A replacement knee made by a 3-D printer

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MILFORD -- We've come a long way from the dot matrix and ink jet printers of yesteryear.

Doctors at Milford Hospital have begun offering their patients the option of a custom-made replacement knee created by a 3-D printer. A Boston-based company called ConforMIS has built a system that uses 3-D printing technology to replicate knee joints, and the technology is now being used in surgical procedures.

Dr. Amit Lahav, an orthopedic surgeon at Milford Hospital who also has an engineering degree, has been pleased with the results of the new technology. "It's made for you specifically and only fits you," Lahav said. "It's almost like capping a tooth, you have your root but we give you a new surface to chew with -- so here we give you a new surface to walk with.

Web gif 3d knees

The first step happens when doctors take intricate cat-scans of a patient's leg and then gather all the necessary dimensions to create a model. Then the 3-D printer goes to work.

"I can make a model of your knee which is printed in 3-D and it literally makes what your normal anatomy is."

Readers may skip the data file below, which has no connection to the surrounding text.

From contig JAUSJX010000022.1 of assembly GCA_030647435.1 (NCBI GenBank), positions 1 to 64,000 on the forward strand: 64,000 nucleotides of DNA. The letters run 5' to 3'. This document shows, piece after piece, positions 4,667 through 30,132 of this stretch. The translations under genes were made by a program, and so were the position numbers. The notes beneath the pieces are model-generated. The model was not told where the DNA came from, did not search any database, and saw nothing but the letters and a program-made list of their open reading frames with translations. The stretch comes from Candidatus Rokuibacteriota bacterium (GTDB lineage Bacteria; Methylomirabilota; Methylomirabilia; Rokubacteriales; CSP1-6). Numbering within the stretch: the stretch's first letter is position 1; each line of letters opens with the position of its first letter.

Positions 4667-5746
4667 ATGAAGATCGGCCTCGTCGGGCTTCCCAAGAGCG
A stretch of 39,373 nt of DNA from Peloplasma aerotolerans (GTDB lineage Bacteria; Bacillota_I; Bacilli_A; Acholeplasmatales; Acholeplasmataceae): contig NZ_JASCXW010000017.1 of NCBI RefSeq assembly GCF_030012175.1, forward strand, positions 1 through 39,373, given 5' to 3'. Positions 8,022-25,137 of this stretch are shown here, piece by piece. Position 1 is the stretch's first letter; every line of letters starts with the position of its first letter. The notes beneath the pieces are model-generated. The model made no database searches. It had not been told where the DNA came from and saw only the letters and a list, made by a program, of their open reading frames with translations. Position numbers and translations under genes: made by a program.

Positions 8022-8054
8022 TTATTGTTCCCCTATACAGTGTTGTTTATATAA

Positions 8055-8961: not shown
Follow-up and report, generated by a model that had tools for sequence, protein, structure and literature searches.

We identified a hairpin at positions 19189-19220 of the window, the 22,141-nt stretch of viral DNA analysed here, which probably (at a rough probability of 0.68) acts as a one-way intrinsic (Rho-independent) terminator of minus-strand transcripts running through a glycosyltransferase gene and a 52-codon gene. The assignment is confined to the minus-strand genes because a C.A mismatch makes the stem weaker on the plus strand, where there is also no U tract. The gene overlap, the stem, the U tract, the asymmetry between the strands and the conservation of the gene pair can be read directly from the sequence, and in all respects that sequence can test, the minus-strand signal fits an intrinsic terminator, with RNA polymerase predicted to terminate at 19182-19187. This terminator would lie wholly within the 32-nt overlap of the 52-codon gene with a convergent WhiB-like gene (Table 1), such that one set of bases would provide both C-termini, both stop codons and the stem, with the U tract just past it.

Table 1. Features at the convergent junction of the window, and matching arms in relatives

It's so close to your normal anatomy that Dr. Aaron Schachter, Dr. Lahav's partner in the orthopedic surgery department at Milford Hospital, says the new knee is no more than a matter of micrometers from a patient's original knee. "It's still an artificial knee," Dr. Schachter said, "but it moves more normally and the stability, especially in the mid range of motion, is much more natural."

This past winter, after decades of knee degeneration and constant pain, Lucille Clancy of Orange had the surgery and received her new 3-D printed knee. "It was amazing," Clancy said, "I feel good to go." After needing a cane to get around, Clancy is now walking on a treadmill with ease.  Dr. Lahav added, "She is able to do what she wants to do and this is a complete new chapter in her life."